I am continuing to look for thought leaders and practitioners outside of my immediate sphere to learn from and remember that the church is much more than United Methodism. A friend recently recommended I read Francis Chan’s Letters to the Church, so that is up next for me.
Whose work have you read recently that has been helpful to you? I’d love to receive your recommendations in the comments.
Kevin M. Watson is a professor at Candler School of Theology, Emory University. He teaches, writes, and preaches to empower community, discipleship, and stewardship of our heritage. Click here to get future posts emailed to you. Affiliate links used in this post.
Joe Renta said:
I do not think I read where Jesus hurried about anything. This world is wrong and if we allow it to sap our spiritual connection with The Lord by living the lifestyle proposed by “those who know” then we are following the wrong expert.
I am reading Andrew Murray’s short book on Obedience in the morning after my quiet time & Scripture reading. Then at nigh I am into Bonhoeffer’s “Cost of Discipleship.with Chan’s book lined up for next.
I have been Blessed far beyond all I could have ever imagined and surely past what I deserve. In this new season of my life service is a key component. Slowing down and basking in the Presence of The Lord sets the stage for God’s work in me.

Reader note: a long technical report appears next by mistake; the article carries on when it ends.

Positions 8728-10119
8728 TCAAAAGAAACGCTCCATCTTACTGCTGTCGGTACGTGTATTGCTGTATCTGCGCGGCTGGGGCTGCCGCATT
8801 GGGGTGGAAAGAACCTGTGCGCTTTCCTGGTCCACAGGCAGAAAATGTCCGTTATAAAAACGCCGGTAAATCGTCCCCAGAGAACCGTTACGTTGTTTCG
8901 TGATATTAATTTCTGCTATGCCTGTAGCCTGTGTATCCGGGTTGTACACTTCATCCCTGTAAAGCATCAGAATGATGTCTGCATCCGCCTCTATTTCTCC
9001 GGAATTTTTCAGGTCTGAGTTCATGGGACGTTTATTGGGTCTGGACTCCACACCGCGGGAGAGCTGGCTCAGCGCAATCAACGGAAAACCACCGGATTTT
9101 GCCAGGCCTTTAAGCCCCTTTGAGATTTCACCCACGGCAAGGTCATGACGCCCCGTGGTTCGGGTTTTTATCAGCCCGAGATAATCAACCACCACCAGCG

Be strong and courageous.
Eddie Nabors said:
From a layman…I see Ortberg writes the foreword. The title is the advice Dallas Willard gave him to overcome a spiritual dry spell, “you must ruthlessly eliminate hurry from your life”.
Anything Willard of course but the latest, Life Without Lack, from a small group study he led in 1991 as a member of the congregation of Valley Vista Christian Community is placing the cookies on the shelf I can reach. Recommended for theologians.
Kevin M. Watson said:
Thanks, Joe! Cost of Discipleship is excellent!
Kevin M. Watson said:
I completely agree re. Dallas Willard. I haven’t seen Life Without Lack. Thank you for making me aware of it!
Dave Hopewell said:
I haven’t read this one yet, but I have been listening to his PodCast – Fight Hustle, End Hurry. John Mark partners with Jefferson Bethke (who just published To Hell with the Hustle). They offer good insight outside of the chapters in the book.
The stack of books on my desk is too big now, but I just started Marks of a Movement by Winfield Bevins. It actually lead me to your books and blog, so thanks for the insight. If you haven’t read it yet, I would recommend.
Hugh Scott said:
Read this book after you mentioned it around the first of the year, and I thoroughly enjoyed it. Of course I noted the irony of having listened to this particular title via Audible, but then I felt better when I saw you mention you’d done the same. Thanks for sharing it!
Kevin M. Watson said:
Thanks for sharing, Hugh. Reading about you listening to it on Audible made me laugh. As long as you didn’t listen to it on 2X speed, you should be good!